Cows, Quarks, and Divine Simplicity

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A week ago Cardinal George Pell publicly debated atheist celebrity Richard Dawkins on the subject of God’s existence. When Mr. Dawkins was asked about the cause of the universe, and how something could come from nothing, he replied that while his own theory cannot sufficiently answer this question, any answer would be better than something as complex as God. “Nothing is very, very, simple,” Dawkins says, “but God as a creative cause is very complex.”

Dawkins’ point is that an immaterial God has to be at least as complex as the material universe he creates that, therefore, God’s existence would itself require an explanation, just as the existence of the universe does. In point of fact, however, the Christian philosophical and theological tradition has always conceived of God as uniquely and utterly simple, i.e., without any division or complexity. St. Thomas Aquinas, for example, deals with this question in the First Part of his Summa Theologiae, and he explains why God, as the source of existence itself, must be simpler than the universe he created.

To see how this is true, we need to look at some concrete material beings, like cows. All cows share one thing in common: the fact that they are cows. This is their common “cow nature,” or what defines them as cows. But on top of this common cow nature, each cow has certain characteristics that make it “this particular cow.” One cow, Bessie, has a different spot pattern, for instance, or weighs more than her sister cow, Molly. These and other particular traits account for the fact that “this cow Bessie” and “that cow Molly” are not identical, despite the fact that they have the same nature.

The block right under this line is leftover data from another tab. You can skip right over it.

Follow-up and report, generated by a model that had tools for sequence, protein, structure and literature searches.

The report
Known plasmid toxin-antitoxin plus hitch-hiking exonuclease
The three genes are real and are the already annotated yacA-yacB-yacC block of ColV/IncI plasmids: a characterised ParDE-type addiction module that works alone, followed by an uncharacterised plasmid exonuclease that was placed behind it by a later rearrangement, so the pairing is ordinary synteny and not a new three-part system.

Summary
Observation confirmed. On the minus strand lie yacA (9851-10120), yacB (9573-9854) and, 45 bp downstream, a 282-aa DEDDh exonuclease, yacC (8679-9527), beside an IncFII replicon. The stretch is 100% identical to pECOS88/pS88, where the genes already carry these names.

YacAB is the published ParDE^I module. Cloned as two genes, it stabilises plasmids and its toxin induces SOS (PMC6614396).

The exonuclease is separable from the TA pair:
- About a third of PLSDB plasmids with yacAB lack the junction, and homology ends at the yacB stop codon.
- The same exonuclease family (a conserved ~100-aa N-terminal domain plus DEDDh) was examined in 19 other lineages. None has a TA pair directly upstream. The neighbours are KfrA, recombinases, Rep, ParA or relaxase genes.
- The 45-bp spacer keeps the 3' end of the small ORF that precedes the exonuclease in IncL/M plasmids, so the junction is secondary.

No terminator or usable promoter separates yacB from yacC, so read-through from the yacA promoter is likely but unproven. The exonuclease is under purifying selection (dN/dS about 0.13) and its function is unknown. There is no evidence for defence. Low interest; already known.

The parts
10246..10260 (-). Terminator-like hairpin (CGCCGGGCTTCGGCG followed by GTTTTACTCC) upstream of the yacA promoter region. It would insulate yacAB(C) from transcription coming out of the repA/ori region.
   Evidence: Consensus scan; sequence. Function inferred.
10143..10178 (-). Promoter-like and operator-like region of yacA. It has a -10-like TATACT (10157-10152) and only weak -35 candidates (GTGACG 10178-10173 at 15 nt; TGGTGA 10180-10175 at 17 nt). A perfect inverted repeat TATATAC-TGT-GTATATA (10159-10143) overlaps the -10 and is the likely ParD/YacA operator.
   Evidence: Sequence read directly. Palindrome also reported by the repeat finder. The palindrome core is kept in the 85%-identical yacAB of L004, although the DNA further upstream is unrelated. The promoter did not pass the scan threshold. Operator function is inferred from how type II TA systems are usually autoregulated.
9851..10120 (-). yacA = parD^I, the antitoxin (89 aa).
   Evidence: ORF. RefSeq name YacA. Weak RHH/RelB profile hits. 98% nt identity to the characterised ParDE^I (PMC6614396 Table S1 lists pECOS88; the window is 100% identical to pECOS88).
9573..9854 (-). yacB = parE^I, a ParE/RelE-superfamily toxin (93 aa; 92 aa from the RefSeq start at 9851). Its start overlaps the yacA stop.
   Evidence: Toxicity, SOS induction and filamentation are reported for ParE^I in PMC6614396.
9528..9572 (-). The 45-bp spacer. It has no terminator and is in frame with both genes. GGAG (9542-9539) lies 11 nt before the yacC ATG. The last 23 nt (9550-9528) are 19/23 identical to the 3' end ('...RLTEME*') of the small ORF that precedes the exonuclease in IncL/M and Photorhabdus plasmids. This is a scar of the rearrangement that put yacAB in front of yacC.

This holds true for everything material in the universe. Even the smallest and simplest things, like electrons or quarks, still have some traits that make them more than just their natures. When we say “this cow”, “this electron,” or “that quark”, we mean something more than what defines any cow, any electron, or any quark. This is because a material thing is individuated from other material things simply by having matter and particular qualities.

In God, however, this does not happen. Whereas Bessie and the quark differ from their cow or quark natures by virtue of individual traits, everything that God is or does is identical to what he is, i.e., to his divine nature. For God, there is no difference between essence and existence. God is so simple that he is nothing but his divine nature. When God acts, thinks, loves, and creates, he does this just from what his nature is. As the cause of the universe and the source of all existence, God doesn’t receive his existence from anything. Instead, God exists through himself; it is his essence to exist; he is the necessary Being that grounds the existence of all contingent beings. Of course, we cannot understand what it means to be “existence itself”, but we do know that something identical with its own existence must be the most simple and most actual being possible.

Responding to the same question about the cause of the universe, Cardinal Pell said of Dawkins’ response that it “dumbed down God and souped up the universe.” Mr. Dawkins rejects God because he thinks a complex universe must have a complex cause. But the complexity of the universe does not imply that God is complex; it only implies that God’s simplicity transcends material limits. If God had created just one material thing, that one creature would not have sufficiently expressed his perfection. A whole universe of different kinds of material things, on the other hand, more fully reflects the divine goodness. Of course, the entire created order is only a pale reflection of divine perfection. Nevertheless, it still shows forth the splendor of its Maker. The heavens still proclaim the glory of God.

Image: Arthur Rothstein, Cow at Wabash Farms, Indiana

By | 2015-01-27T13:38:15+00:00 April 17, 2012|Culture, Philosophy, Theology|

About this Brother:

Br. Athanasius Murphy, O.P.
Br. Athanasius Murphy entered the Order of Preachers in 2010. He is a graduate of Providence College and studied Classics, Humanities and Philosophy there. He worked for a lawyer during his college years, but was intent on entering the Order of Preachers after he graduated college. On